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    ABSTRACT: Porcine reproductive and respiratory syndrome virus (PRRSV) has been recognized to be one of the most important pathogens severely affecting global swine industry. An increasingly number of studies has paid much attention to the diverse roles of its nonstructural proteins (Nsps) in regulating the innate immune response of host upon PRRSV infection. In the present study, we first discovered that highly pathogenic PRRSV (HP-PRRSV) and low pathogenic PRRSV (LP-PRRSV) infection exhibited a differential TNF-α expression in pulmonary alveolar macrophages (PAMs), showing that HP-PRRSV infection induces lower TNF-α production at protein level in PAMs, compared with LP-PRRSV. Next, HP-PRRSV was confirmed to strongly suppress TNF-α production by inhibiting ERK signaling pathway. Finally, both Nsp1β and Nsp11 were demonstrated to be responsible for the inhibitory effect on TNF-α production induced by HP-PRRSV and the differential TNF-α production in PAMs. These findings contribute to the understanding of the pathogenesis of the Chinese HP-PRRSV. Copyright © 2015. Published by Elsevier B.V.
    Full-text · Article · Feb 2015 · Virus Research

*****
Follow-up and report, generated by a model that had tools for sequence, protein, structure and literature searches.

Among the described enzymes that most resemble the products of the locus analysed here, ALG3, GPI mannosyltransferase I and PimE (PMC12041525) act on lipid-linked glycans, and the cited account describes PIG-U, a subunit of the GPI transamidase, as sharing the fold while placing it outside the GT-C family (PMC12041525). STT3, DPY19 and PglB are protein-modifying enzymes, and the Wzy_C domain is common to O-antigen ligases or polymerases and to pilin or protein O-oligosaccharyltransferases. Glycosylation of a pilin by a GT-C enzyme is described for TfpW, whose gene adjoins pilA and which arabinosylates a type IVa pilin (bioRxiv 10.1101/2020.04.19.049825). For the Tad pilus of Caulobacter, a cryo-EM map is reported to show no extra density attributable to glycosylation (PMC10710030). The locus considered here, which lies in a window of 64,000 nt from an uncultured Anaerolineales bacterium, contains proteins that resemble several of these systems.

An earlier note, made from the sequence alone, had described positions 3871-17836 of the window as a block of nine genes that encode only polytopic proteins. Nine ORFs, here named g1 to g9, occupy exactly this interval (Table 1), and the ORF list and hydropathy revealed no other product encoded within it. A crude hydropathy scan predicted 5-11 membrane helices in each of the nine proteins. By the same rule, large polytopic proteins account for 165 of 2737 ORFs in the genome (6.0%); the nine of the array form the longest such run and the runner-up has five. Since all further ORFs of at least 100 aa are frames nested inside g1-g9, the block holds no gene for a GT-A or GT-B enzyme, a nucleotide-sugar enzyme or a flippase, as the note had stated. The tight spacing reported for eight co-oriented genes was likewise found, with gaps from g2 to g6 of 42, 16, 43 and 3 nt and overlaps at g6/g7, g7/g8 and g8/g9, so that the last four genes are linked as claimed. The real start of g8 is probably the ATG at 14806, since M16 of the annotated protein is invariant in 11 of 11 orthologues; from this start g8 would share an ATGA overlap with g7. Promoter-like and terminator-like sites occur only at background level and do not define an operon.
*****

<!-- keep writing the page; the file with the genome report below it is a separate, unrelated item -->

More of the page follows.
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    • "The process is independent of the PCP activity of nsp1 [30]. Beura et al. showed that nsp1β interfered with IRF3 signaling pathway by inhibiting dsRNA-induced IRF3 phosphorylation and nuclear translocation [31]. The discrepancy is possibly because an nsp1β that is 27-residue longer than its authentic form was used in Beura's study. "
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    ABSTRACT: Interferons (IFNs) are important components in innate immunity involved in the first line of defense to protect host against viral infection. Porcine reproductive and respiratory syndrome virus (PRRSV) leads to severe economic losses for swine industry since being first identified in early 1990s. PRRSV interplays with host IFN production and IFN-activated signaling, which may contribute to the delayed onset and low level of neutralizing antibodies, as well as weak cell-mediated immune response in infected pigs. PRRSV encodes several proteins that act as antagonists for the IFN signaling. In this review, we summarized the various strategies used by PRRSV to antagonize IFN production and thwart IFN-activated antiviral signaling, as well as the variable interference with IFN-mediated immune response by different PRRSV strains. Thorough understanding of the interaction between PRRSV and host innate immune response will facilitate elucidation of PRRSV pathogenesis and development of a better strategy to control PRRS.